Fast Fashion Is Cheap, but Our Environment Is Paying the Price
This article was shared by the National Observer on October 12, 2021.
I deleted my TikTok app, or tried to, because of links to too many fashion videos — the kind of videos I dislike mainly because of fast fashion and its haul videos. These trendy, one-minute videos have individuals showing off their large shopping purchases, celebrating overconsumption of mass quantities of cheaply made clothing from fast-fashion brands.
@trojana1 Ready for summer🌞 #shein #haul #fashion #foryou #fyp ♬ Rihanna Wild Thoughts Ft. Bryson K D Remix – Kevindaveprod
I love fashion, but this overconsumption has to stop for the sake of our planet and for the sake of thousands of species. TikTok and other social media platforms showcase consumerism and a fast-fashion cycle that’s never-ending, and environmental disasters continue to increase alongside hyper-consumption levels.
Fast fashion places importance on mass production, offering consumers cheaply priced “trendy” items. From the manufacturing stage to doorstep delivery, the fashion industry creates more greenhouse gas emissions than international flights and maritime shipping combined, according to the United Nations Economic Commission for Europe. The problem only begins there.
Once the clothes are no longer in style, they get thrown in the garbage. Left to rot in a landfill, they stay whole. Due to the non-biodegradable synthetic polymers in clothes, they further contribute to the mass amounts of waste our planet must harbour.
The textile industry alone creates 35 per cent of the most hazardous forms of microfibers and microplastics found in marine environments, as well as 17 to 20 per cent of the world’s wastewater from fabric dyeing and treatment. This creates a range of issues for marine environments because microplastics do not break down at a steady pace, and instead are consumed by fish and other aquatic life.
Despite the ravaging effect the fast-fashion industry has on our environment, haul videos are still shared regularly. My solution to avoiding the constant bombardment was to just delete the TikTok app.
@christinaprothro i’ll post a try on for the clothes😌 #fyp #amazonfinds #amazonfashion #haul ♬ original sound – toohot4scotty
I was fed up with seeing the wrong kind of fashion promoted on such an enormous scale. My solution was short-lived, as the first thing my Instagram explore feed recommended was a TikTok haul video. There were even more recommendations, on Twitter, Facebook and YouTube.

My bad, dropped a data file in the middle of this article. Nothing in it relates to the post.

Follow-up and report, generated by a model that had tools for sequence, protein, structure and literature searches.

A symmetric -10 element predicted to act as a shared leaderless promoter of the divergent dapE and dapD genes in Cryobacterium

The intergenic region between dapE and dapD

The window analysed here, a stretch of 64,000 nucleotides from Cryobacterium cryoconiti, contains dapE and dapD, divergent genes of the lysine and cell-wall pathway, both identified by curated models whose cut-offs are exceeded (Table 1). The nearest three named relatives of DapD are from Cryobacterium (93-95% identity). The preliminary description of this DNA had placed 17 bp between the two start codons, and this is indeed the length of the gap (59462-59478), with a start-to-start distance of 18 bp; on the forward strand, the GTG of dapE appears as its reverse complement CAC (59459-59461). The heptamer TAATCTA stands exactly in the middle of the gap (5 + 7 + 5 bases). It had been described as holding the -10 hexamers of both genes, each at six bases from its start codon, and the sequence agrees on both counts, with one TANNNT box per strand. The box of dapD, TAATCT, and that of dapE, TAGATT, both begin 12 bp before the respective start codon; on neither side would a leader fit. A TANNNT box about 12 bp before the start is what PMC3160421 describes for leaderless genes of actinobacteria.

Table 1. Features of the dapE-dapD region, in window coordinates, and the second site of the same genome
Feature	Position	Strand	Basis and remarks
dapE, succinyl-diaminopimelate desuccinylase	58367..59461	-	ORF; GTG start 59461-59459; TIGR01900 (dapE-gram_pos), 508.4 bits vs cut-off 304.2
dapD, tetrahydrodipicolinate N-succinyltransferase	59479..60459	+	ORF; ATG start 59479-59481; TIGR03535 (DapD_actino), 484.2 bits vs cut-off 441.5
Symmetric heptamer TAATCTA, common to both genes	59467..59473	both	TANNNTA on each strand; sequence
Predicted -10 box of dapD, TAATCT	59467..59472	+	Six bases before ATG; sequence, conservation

Marketplace found garments containing elevated levels of toxic chemicals from three fast-fashion retailers: Zaful, AliExpress and Shein.— CBC News (@CBCNews) October 1, 2021
They've stopped sales of questionable products to Canadians following the investigation. https://t.co/rocXv0drnP
With each of my social media feeds recommending fast-fashion haul videos, one after the other, I began to understand how bad our situation has become.
The average consumer purchases 60 per cent more clothing than consumers 15 years ago. In one 60-second video, we can see how consumer habits have changed drastically over the past decade, one cheaply made top after the other. These high levels of consumption have led to trends being shorter. This means that what is trendy now, will be out of style in the next three months when new styles take over the market. Fast-fashion brands are speeding up to meet demand.
People have become so accustomed to purchasing new wardrobes each season, they tend to forget that buying well-made, timeless clothes will not only be better for them financially, but help our environment. This is something I regularly have to remind myself, as 92 million tonnes of textile waste is created yearly. This will only continue to increase if we do not change our shopping habits.
Videos on TikTok show new, and arguably, adorable clothing for a very cheap price, but there is much more that goes on beyond the screen. There are many of us, including myself, who can’t afford slow fashion.
This makes fast-fashion brands all the more appealing. Now the problem doesn’t lie with those who purchase what is needed, when it is needed. The problem lies in the overconsumption and its promotion. Buying an entirely new wardrobe each season is not only excessive, but is incredibly wasteful and very harmful.
Thrift shopping is a positive alternative to overconsumption buying from fast-fashion brands. I sometimes get lost in the sea of fast-fashion websites, scrolling through countless pages of cheap “must-have” items. I have to remind myself of the bigger picture, and ask if those jeans are really worth it. Yes, it is all too alluring to wear the hottest trends for what seems like a fraction of the price; but the price isn’t reflected in your bank account, it’s reflected in our environment.